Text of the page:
The thaw was arriving in my parents life when our stake president was moved upon to call a new bishop. My parents had stayed, had been faithful. My father continues, “We proceeded to sell our house, downsize, and [yet] watch all our reserves...disappear. We had to close up our stores; we went a total of five years without an income…[nothing could] stave off bankruptcy in the end. Seven years after staying in a place the Lord wanted us with the assurance everything would be ‘alright’, we were left bled dry by something akin to death by a thousand cuts.”

As spring arrived for Shackleton and his crew, the breaking of the ice and subsequent movement exerted gradually increasing pressure on the hull of the Endurance until it was crushed. Shackelton wrote, “It is hard to write what I feel, after long months of ceaseless anxiety and strain, after times when hope beat high and times when the outlook was black indeed, we have been compelled to abandon ship.”

Of such experience, Elder Maxwell penned, “Irony is the hard crust on the bread of adversity. Irony can try both our faith and our patience. Irony can be...particularly bitter...because it involves disturbing incongruity. It involves outcomes in violation of our expectations. We see the best laid plans laid waste” (Neal A. Maxwell - General Conference April 1989).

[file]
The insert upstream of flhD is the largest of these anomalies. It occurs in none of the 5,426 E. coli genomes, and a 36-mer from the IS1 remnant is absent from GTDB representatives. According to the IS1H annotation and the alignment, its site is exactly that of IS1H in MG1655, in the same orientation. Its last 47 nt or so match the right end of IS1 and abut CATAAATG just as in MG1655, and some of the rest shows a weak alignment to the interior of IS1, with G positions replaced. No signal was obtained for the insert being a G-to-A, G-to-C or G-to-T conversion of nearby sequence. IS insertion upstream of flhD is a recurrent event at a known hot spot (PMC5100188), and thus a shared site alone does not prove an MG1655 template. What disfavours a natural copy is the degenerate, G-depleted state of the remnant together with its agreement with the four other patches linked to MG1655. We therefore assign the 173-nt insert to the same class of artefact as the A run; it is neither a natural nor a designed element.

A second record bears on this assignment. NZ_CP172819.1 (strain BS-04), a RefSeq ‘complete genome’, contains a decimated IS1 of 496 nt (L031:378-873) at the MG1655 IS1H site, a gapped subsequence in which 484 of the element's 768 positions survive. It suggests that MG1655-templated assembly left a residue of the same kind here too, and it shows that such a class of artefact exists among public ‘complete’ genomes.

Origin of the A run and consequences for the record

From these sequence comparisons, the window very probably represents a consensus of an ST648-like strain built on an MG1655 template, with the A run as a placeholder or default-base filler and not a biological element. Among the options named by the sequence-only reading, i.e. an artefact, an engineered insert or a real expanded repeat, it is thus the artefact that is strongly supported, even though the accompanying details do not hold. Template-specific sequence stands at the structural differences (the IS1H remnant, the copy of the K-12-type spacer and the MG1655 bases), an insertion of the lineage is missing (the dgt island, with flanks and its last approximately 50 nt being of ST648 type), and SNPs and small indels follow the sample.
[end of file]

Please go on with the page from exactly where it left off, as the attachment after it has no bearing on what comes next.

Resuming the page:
I recall that season in my parent’s life, in my life, selling our home during my senior year of high school and moving a family of eight into a two bedroom townhome forty minutes away. I remember driving myself and my siblings to and from our old schools for the remainder of the school year. I recall much of love and laughter, and a degree of family unity that may not have been otherwise achieved. Perhaps my mind fails me, but it offers no memory of murmuring nor complaint. My parents drank their bitter cup without becoming bitter.

Their meekness and resilience through years of deep, divine, determination has had a tremendous influence for good in my life. Though distressed, they practiced gratitude and happiness, and helped their children to do the same. As I came of age to decide whether I would serve a mission, I knew that my parents were ‘alright’, and that I also wanted to be ‘alright’.

I remember the last day that I worked a shift at one of our stores before heading on my mission. I was fairly certain then that it would not be there when I returned. I considered the cost of a mission, a cost I could not cover. I thought of my parents, their desire to provide, and their best laid plans laid waste. I wrote my parents a letter, sealed it in an envelope, and placed it under the stereo amplifier. I knew that when they would be emptying the store, they would listen to music, and that the amplifier would be the last item to go. I don’t recall what I wrote, but remember what I felt. I felt hope, so hope is what I wrote.

Hope is written in the pages of those that have gone before. Though at times we may feel disappointment and despair, “the leaves of [their] Testament[s] are rustling with the rumour that it will not always be so” (C. S. Lewis, “The Weight of Glory”). Job declared, “I know that my redeemer liveth, and...yet in my flesh shall I see God” (Job 19:25-26).